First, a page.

Wednesday, 04 Dec 2013

Despite new Laws, land issues remain contentious.

By Kentis Onyach, Internews in Kenya.

Spotting machetes at the meeting was like digging our own graves” says Tole Nyatta in reference to the contentious land issues in Mau Narok and Kijipwa in Mombasa, places where the Land and conflict sensitive journalism team of trainers from internews visited
 “That was scary. Signs of what is to be expected if no solution is reached.” affirmed Nyatta the Land and Conflict Sensitive Journalism senior trainer.

Nyatta says land issues in Kenya remain contentious even with the introduction of the new land laws.

Residents of Narok disagreed on the resettlement of the Internally Displaced Persons (IDP’s) despite the laws giving Kenyans a right to settle in any part of the country. The Maasai’s who are the original occupants of the land in Mau Narok are opposed to the resettlement of Kikuyu’s on their land. They refer to them as “outsiders” saying it is their ancestral heritage.  

In Kijipwa, the contention was about irregular allocation of land. Residents cited corruption in the exercise.  The Mombasa Republican Council (MRC) group was up in arms against land grabbers hence their secession call. It took control of some parts of coast region. They were opposed to anyone or any group who had interest in intervening in these matters. 

Internews approached these issues through sophisticated methodology which was informed by the previous experiences in Conflict Sensitive Journalism (CSJ) and Reporting for Peace (RFP) programmes. These stories were told consistently leading to government action” explained Nyatta.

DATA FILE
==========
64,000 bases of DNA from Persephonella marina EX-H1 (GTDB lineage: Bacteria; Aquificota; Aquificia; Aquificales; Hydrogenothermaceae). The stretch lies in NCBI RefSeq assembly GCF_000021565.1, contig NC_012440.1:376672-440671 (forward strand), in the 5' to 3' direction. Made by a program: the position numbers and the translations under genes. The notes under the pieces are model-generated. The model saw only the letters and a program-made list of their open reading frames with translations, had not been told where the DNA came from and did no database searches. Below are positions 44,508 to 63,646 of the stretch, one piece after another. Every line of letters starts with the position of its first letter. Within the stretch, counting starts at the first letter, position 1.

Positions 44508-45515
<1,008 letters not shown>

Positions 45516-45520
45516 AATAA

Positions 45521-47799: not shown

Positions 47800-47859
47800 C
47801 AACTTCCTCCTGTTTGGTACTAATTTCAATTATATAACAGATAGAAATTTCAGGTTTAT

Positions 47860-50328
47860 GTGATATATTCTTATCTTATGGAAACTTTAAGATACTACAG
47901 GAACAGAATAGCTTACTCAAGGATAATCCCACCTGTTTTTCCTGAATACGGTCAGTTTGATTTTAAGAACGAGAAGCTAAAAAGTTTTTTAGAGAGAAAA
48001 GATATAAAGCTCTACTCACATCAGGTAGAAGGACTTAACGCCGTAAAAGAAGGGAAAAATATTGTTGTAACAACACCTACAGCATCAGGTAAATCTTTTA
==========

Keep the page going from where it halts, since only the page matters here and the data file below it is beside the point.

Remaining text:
The Land & Conflict Sensitive Journalism programme (L&CSJ) aimed to address the conflicts from land which was majorly witnessed in the 2007/8 post election violence. It also aimed to mitigate further electoral and inter ethnic violence in Kenya.

An evaluation report on L&CSJ by Gordon Adam cites Internews’ big role in the aftermath of the 2007/2008 post election violence. It says Internews empowered journalists to be conflict sensitive when telling their stories.

“The L&CSJ Project must rate as one of the foremost examples of good practice in the field of media development through its ability to organize a systematic programme of workshop training…….its ability to organize roundtable meetings between journalists and topical newsmakers. This resulted in a marked improvement in conflict sensitive handling of issues and strengthened interactive links to the communities they serve.” Says the evaluators in an evaluation report of the Land and Conflict Sensitive Project 2013 led by Gordon Adam.

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